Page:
Identifying credible information about COVID-19 Vaccines

The Issue

Health misinformation during the COVID-19 pandemic has hindered efforts to get Americans vaccinated. Learning to identify credible sources of information about COVID-19 vaccines can help people become confident in their decision to get vaccinated and respond to misinformation shared by family, friends, or members of their community.

What We Know

The COVID-19 pandemic has been accompanied by what the World Health Organization (WHO) refers to as an “infodemic”: an overabundance of information, both online and offline.1 Americans have been exposed to a seemingly endless stream of news, public health guidance, fact sheets, infographics, research, opinions, rumors, myths, falsehoods, and more.2 Many people have had trouble figuring out what to believe, which sources to trust, and how to keep up with changing knowledge and guidance. WHO has developed tips for navigating this infodemic (see Figure 1).

Figure 1. Top Tips for Navigating the Infodemic3

Figure 1. Top Tips for Navigating the Infodemic

Accurate vaccine information is a critical component of vaccine confidence. Experts recommend that providers depersonalize the questioning of someone’s “facts” and instead provide evidencebased data to provide facts from reputable sources. WHO has outlined seven steps that people can follow to evaluate the credibility and accuracy of COVID-19 information and decide who and what to trust.3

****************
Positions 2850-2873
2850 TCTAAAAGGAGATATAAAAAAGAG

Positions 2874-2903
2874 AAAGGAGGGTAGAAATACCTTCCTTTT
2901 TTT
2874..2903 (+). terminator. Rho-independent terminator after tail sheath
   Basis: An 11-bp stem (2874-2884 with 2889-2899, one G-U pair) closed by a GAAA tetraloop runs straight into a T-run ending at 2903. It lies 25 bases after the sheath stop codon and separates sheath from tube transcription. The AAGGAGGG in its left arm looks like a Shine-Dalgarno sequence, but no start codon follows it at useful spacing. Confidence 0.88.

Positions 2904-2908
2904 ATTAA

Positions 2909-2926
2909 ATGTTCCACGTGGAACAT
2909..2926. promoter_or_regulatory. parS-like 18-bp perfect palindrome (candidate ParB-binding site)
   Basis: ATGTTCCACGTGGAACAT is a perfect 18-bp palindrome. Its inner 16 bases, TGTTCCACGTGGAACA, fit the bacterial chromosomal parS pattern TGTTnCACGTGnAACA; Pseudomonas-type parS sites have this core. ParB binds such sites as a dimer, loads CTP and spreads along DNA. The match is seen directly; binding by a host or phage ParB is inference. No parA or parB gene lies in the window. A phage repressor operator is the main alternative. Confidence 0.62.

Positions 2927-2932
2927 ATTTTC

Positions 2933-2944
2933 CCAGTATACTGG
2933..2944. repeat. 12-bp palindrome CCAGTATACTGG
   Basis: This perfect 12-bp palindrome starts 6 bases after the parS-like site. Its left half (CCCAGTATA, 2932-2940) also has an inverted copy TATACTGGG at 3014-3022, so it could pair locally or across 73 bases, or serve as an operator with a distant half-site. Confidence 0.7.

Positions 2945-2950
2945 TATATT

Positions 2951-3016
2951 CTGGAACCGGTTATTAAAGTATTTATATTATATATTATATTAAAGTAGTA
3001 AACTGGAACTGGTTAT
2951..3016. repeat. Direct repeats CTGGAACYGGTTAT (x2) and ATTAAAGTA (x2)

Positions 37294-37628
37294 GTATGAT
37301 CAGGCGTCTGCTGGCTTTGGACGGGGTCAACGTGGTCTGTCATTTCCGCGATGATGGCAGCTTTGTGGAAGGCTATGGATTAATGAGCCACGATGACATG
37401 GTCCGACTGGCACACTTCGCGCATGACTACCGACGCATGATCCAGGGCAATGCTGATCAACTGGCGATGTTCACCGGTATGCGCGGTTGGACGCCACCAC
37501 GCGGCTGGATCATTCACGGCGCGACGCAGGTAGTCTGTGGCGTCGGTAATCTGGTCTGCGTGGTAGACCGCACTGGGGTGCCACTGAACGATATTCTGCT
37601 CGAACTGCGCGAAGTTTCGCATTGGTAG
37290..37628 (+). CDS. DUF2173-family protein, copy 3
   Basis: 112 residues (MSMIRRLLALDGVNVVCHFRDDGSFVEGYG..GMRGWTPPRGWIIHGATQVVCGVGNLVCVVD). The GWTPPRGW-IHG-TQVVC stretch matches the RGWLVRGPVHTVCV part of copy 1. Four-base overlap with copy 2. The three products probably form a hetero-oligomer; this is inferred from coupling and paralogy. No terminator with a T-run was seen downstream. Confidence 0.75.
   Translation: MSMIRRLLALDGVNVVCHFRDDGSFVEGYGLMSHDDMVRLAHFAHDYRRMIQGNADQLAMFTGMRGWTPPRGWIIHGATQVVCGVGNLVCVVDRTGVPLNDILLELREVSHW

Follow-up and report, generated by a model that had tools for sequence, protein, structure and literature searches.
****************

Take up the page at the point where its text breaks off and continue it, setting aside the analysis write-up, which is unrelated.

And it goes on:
1. Assess the Source

When a person encounters a piece of information about COVID-19 vaccines, the first questions that should be asked are: who shared the information—and where did they get it?

The information on websites that end in “.edu” (associated with an education institution) or “.gov” (belonging to a government organization) may be more reliable than information on other websites, because those domains are restricted.4,5 Websites that end in “.org” usually belong to nonprofit organizations; “.com” domains have broader ownership. WHO recommends checking the “About Us” and “Contact Us” pages on those sites to look for background information and legitimate contact details.

It may be possible to spot fake social media accounts by looking at how long a profile has been active (fake accounts likely are newer) and how many followers it has (likely fewer). The authenticity of images can be verified using reverse image search tools (e.g., the website or the “Search by Image” function on Google, accessed by clicking on the camera icon in the Images tab search bar). YouTube videos can be verified using the YouTube Data Viewer provided by Amnesty International at

2. Go Beyond Headlines

As WHO explains, headlines may be intentionally sensational or provocative to attract readers. Looking at the entire article can provide important context. Information on social media can be compared with information that appears in print sources such as newspapers and magazines or digital sources such as online news sites.

3. Identify the Author